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The NIST researchers tested two types of CAVS sensors in their work. One is a laboratory version; the second is a mobile version that can easily be used in advanced chip manufacturing settings.

In addition to semiconductor manufacturing, the new method can be useful for other applications that require high-vacuum environments, such as quantum computers, gravitational wave detectors, particle accelerators, and many more.

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“The gases we measured—including nitrogen, helium, argon, and even neon—are all inert semiconductor process gases,” says NIST physicist Steve Eckel. “But in the future, we hope to measure more reactive gases like hydrogen, carbon dioxide, carbon monoxide, and oxygen, which are all both common residual gases found in vacuum chambers and useful gases for semiconductor manufacturing.”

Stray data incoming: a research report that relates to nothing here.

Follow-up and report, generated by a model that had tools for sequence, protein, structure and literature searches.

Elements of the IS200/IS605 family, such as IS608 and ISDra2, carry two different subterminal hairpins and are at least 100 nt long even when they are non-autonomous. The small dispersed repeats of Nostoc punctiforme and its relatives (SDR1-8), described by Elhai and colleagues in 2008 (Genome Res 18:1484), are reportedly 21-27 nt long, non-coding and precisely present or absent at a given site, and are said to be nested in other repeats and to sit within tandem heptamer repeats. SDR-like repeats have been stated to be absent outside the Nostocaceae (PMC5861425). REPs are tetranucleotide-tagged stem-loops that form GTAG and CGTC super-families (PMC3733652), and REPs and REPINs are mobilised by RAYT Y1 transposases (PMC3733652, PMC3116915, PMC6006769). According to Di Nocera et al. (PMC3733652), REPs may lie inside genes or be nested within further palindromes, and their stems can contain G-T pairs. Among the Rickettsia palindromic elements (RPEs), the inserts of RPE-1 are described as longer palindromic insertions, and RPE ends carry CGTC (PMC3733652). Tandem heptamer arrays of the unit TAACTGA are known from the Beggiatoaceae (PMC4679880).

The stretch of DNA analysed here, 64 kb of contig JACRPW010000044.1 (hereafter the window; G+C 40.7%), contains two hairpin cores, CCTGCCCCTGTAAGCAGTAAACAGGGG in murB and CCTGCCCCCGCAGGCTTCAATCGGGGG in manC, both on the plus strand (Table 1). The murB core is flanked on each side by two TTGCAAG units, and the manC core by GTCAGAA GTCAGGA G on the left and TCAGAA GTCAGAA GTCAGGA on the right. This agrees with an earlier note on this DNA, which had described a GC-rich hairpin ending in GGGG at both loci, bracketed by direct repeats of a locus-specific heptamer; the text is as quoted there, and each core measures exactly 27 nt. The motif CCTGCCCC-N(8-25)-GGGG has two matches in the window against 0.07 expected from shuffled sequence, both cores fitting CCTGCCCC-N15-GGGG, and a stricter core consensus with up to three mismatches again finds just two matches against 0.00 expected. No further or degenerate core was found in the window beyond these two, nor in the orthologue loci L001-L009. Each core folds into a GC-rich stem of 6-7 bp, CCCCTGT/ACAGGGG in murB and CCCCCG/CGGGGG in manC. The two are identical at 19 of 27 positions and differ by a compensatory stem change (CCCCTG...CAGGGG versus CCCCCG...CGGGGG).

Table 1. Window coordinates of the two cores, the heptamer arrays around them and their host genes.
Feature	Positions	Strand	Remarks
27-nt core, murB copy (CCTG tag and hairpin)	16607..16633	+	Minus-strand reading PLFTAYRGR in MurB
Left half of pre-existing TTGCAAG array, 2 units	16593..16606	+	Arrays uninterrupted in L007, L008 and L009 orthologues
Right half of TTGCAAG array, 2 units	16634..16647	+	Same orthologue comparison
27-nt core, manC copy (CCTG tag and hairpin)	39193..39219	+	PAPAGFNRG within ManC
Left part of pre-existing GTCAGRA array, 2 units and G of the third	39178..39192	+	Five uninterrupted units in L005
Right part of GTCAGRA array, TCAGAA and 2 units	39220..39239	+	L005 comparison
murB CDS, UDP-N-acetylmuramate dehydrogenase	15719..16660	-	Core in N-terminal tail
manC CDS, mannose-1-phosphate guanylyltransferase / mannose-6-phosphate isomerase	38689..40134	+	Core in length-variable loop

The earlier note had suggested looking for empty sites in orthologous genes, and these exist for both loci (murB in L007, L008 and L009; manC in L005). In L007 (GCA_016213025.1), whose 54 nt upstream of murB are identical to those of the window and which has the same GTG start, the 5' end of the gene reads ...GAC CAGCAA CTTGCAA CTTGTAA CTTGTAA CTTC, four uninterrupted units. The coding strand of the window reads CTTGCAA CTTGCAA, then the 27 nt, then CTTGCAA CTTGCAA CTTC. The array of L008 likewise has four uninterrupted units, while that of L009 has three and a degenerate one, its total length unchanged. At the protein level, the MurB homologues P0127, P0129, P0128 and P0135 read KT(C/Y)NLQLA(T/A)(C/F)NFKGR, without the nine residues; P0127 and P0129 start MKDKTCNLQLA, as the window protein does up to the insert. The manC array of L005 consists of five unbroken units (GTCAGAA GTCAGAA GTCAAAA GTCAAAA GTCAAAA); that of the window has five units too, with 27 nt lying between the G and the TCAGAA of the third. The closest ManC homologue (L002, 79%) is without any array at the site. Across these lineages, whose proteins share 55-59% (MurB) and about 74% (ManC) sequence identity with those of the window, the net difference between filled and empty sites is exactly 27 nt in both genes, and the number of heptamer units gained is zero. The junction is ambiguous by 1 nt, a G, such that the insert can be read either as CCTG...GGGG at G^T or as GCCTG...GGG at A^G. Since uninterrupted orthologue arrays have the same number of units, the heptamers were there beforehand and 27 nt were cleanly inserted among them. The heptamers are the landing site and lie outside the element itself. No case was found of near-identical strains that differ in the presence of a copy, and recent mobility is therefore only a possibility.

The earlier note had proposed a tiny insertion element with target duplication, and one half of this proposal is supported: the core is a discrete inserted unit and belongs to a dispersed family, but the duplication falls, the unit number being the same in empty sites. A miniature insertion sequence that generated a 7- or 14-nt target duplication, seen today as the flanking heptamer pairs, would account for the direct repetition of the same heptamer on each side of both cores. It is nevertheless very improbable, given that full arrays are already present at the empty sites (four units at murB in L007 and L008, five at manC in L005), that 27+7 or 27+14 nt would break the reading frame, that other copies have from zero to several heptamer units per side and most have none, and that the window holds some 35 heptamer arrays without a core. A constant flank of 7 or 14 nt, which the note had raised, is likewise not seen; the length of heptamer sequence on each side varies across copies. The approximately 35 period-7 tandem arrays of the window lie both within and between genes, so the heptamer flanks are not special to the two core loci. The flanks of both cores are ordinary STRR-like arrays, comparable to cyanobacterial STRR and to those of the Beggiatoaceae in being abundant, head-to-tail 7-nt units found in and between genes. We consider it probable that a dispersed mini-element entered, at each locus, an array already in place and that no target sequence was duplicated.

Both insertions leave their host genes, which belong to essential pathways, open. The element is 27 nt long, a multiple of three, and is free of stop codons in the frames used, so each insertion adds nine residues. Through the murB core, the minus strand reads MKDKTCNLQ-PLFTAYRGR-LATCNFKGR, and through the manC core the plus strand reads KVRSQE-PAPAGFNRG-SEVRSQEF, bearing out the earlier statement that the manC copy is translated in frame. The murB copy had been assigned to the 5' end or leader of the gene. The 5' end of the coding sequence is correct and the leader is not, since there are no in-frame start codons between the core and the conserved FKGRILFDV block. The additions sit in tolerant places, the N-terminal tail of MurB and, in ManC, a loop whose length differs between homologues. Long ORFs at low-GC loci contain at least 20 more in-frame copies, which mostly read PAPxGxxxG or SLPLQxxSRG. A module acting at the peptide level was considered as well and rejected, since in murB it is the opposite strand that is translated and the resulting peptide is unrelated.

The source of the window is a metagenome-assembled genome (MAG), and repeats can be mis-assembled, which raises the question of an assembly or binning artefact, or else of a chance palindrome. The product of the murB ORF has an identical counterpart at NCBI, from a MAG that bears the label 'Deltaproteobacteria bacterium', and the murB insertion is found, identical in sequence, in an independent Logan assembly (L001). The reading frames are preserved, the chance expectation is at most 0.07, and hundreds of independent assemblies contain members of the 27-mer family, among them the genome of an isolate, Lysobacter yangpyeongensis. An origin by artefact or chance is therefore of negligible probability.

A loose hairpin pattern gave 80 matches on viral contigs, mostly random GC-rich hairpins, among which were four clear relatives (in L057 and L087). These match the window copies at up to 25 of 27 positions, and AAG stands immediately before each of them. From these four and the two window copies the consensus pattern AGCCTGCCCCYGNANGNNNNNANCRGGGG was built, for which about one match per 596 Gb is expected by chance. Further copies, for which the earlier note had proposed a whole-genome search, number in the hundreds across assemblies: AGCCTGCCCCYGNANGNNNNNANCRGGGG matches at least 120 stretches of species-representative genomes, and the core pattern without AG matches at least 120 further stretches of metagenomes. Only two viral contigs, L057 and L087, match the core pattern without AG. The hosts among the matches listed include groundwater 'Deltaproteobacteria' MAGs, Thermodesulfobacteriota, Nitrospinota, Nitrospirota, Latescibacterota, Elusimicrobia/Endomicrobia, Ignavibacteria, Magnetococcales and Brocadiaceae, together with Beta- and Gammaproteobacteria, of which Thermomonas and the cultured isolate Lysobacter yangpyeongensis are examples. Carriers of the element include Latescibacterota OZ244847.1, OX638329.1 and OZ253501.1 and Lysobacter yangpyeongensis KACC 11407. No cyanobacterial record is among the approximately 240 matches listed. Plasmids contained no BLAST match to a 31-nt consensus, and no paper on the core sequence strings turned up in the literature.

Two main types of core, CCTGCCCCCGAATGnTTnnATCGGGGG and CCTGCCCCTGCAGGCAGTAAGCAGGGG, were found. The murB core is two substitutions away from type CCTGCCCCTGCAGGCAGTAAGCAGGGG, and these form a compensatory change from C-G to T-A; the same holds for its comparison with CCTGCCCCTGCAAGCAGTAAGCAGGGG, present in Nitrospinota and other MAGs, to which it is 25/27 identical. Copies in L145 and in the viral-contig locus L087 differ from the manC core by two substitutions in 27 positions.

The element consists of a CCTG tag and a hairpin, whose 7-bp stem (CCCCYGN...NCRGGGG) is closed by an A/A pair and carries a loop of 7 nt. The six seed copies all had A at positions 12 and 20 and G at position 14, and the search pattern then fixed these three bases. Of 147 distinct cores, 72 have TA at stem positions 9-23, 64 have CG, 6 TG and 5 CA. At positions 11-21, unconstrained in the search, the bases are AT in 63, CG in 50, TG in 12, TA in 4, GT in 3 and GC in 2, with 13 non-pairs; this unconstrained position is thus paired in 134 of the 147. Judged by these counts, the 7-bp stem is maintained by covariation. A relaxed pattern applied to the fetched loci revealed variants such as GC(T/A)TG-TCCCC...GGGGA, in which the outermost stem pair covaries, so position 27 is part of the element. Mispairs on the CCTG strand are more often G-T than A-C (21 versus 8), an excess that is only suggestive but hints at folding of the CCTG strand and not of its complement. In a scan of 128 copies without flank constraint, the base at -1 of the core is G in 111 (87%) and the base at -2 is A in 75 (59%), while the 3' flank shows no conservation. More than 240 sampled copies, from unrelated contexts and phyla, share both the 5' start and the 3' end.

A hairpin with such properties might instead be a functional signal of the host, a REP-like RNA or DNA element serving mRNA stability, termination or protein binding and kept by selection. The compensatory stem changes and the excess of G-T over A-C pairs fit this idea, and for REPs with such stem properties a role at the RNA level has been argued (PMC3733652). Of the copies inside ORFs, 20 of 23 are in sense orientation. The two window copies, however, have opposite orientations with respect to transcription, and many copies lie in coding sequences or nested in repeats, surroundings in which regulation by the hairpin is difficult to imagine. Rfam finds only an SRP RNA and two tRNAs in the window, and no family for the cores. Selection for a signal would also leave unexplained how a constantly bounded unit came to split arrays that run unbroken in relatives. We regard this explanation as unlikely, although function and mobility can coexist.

In their new work, the NIST researchers attached their CAVS sensors to the classical gold-standard reference standard for gas pressure, known as a dynamic expansion system.

CAVS technology measures vacuum pressures using a cold gas of about a hundred thousand lithium or rubidium atoms trapped in a magnetic field. These atoms fluoresce when illuminated by a laser tuned to just the right frequency. Researchers can count the number of trapped atoms precisely by measuring the intensity of this glow.

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Now, scientists at the National Institute of Standards and Technology (NIST) have validated a new approach to measuring extremely low gas pressures. It’s called CAVS, for cold atom vacuum standard. They have established that their technique can serve as a “primary standard”—in other words, it can make intrinsically accurate measurements without first needing to be calibrated to reference pressure readings.